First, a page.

NC State Extension Publications

 

  • North Carolina has about 18.1 million acres of timberland covering about 58% of the state’s total land area.

  • In 2017, the forest sector in North Carolina—including forestry and logging operations, sawmills, furniture mills, and pulp and paper industries—directly contributed $20 billion in industry output, just over 2% of the state-wide economic output. The forest sector employed over 71,600 people with a payroll of $4 billion and a value added (gross state product) of $5.6 billion.
  • Including direct, indirect, and induced effects, the forest sector in North Carolina had a total contribution of $32.8 billion in industry output to the North Carolina economy, supporting over 150,000 full- and part-time jobs with a payroll of $8.2 billion.
  • Compared to 2016, total economic output in 2017 remained flat, but both total employment and value added increased about 1% with a 4.2% rise in total labor income.
  • The manufacturing component of the forest sector was the top employer among manufacturing sectors in the state.
  • Every job created in the forest sector resulted in another 1.11 jobs in North Carolina.
  • On average, every dollar generated in the forest sector contributed an additional 64 cents to the rest of the North Carolina economy.
  • The forest sector in North Carolina directly generated about $258.5 million to state and local taxes and $848.7 million to federal taxes. Compared to 2016, while the state and local taxes increased by 5.3%, federal taxes decreased by 1%.
  • International exports from the North Carolina forest sector totaled about $1.78 billion, up 24% from 2016.

 


Table 1. Economic contribution of the North Carolina forest sector, 20171.
Employment2
(jobs)
Labor Income3
(million $)
Gross State Product4
(million $)
Industry Output
(million $)

Direct Contribution5

Forestry operations

399

18.78

44.50

53.47

Logging

6,166

273.91

296.01

431.54

Primary solid wood mills6

8,090

459.91

679.48

2,818.54

Secondary solid wood mills7

39,997

1,910.31

2,407.80

7,426.99

Primary paper and paperboard mills

4,124

406.64

734.24

3,148.83

Secondary paper and paperboard mills

12,867

912.14

1,471.62

6,080.55

Total

71,642

3,981.69

5,633.64

19,959.93

Total Contribution8

Forestry operations

523

24.36

54.65

71.07

Logging

8,113

363.54

458.08

710.16

Primary solid wood mills

19,361

1,069.12

1,708.49

4,633.68

Secondary solid wood mills

73,139

3,635.66

5,349.23

12,797.91

Primary paper and paperboard mills

16,503

1,081.26

1,873.66

5,206.47

Secondary paper and paperboard mills

33,343

2,007.03

3,298.76

9,331.54

Total

150,983

8,180.96

12,742.87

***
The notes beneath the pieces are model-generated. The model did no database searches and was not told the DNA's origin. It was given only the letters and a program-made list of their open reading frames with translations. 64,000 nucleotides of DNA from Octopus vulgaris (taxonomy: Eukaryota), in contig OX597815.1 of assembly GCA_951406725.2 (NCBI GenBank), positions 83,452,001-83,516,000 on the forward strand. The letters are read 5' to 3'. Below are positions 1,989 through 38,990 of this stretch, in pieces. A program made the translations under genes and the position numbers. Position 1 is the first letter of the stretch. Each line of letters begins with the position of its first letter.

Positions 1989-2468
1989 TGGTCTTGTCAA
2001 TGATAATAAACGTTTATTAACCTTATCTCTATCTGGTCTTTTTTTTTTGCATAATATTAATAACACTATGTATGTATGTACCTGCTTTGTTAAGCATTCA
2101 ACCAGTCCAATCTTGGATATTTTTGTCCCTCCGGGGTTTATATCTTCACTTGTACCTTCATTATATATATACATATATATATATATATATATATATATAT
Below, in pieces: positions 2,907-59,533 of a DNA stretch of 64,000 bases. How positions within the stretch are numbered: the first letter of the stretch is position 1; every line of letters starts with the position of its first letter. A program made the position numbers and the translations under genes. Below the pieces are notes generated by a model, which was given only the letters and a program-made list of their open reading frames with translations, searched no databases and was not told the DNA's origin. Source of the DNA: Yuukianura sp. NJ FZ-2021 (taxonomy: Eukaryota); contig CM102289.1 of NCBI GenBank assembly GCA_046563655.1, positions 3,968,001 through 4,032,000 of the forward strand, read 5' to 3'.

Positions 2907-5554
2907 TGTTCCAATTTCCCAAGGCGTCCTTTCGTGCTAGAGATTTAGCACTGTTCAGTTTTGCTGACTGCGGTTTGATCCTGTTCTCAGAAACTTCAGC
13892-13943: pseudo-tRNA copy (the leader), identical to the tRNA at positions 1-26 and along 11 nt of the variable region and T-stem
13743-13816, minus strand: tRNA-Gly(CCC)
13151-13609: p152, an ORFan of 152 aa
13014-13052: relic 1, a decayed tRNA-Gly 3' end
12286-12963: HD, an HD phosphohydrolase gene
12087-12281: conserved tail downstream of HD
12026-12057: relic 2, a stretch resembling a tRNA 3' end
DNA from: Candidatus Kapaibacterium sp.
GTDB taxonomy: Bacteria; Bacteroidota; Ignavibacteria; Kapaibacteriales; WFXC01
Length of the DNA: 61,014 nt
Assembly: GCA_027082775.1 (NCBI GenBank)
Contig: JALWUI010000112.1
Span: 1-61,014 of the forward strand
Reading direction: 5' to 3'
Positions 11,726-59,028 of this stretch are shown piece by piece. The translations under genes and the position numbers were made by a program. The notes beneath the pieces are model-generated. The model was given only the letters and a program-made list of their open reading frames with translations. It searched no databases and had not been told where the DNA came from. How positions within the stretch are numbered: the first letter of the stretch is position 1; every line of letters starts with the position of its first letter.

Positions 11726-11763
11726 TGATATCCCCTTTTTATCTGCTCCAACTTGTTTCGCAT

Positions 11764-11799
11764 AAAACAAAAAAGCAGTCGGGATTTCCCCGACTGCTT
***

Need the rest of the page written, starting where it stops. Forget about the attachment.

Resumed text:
32,750.83

Change in Total Contribution from 2016

Forestry operations

-3.8%

-12.3%

62.5%

23.4%

Logging

-2.0%

-10.7%

-9.2%

-19.4%

Primary solid wood mills

3.4%

8.1%

1.2%

5.2%

Secondary solid wood mills

-0.1%

4.1%

0.2%

-0.9%

Primary paper and paperboard mills

-1.2%

2.4%

-0.2%

-2.0%

Secondary paper and paperboard mills

2.9%

6.7%

4.4%

1.8%

Total

0.8%

4.2%

1.1%

0.0%

1 Economic contribution numbers, based on multi-industry contribution analysis, are reported in 2017 dollars. The method of internal adjustments to the IMPLAN software (IMPLAN 2018) was used. More details about the contribution analysis method can be found at: https://bit.ly/2LajYIL. IMPLAN sectors included: 15, 16, 19 (partial), 134, 135, 136, 137, 138, 139, 140, 141, 142, 144, 145, 146, 147, 148, 149, 150, 151, 152, 153, 368, 369, 370, 373, 374.

2 Employment includes both full- and part-time jobs.

3 Labor income includes all forms of employment income, including employee compensation (wages and benefits) and proprietor income.

4 Gross State Product (value added) is the difference between industry output and the cost of intermediate inputs. It consists of compensation of employees, taxes on production and imports less subsidies, and gross operating surplus.

5 Industry output is the total annual value of production by industry.

6 Direct contribution is a series of production changes or expenditures made by producers/consumers as a result of an activity.

7 Primary mills consume wood in a round or log form before producing a value added product, such as sawmills and pulp mills.

8 Secondary mills use wood-based products to produce value added products, such as furniture and paper mills.

9 Total contribution is the sum of direct, indirect, and induced contribution effects generated by the sector.

Authors

Assistant Professor and Extension Specialist, Forest Economics
Forestry & Environmental Resources
Associate Dean of Extension, Department Extension Leader & Professor
Forestry & Environmental Resources

Publication date: May 9, 2019
AG-844

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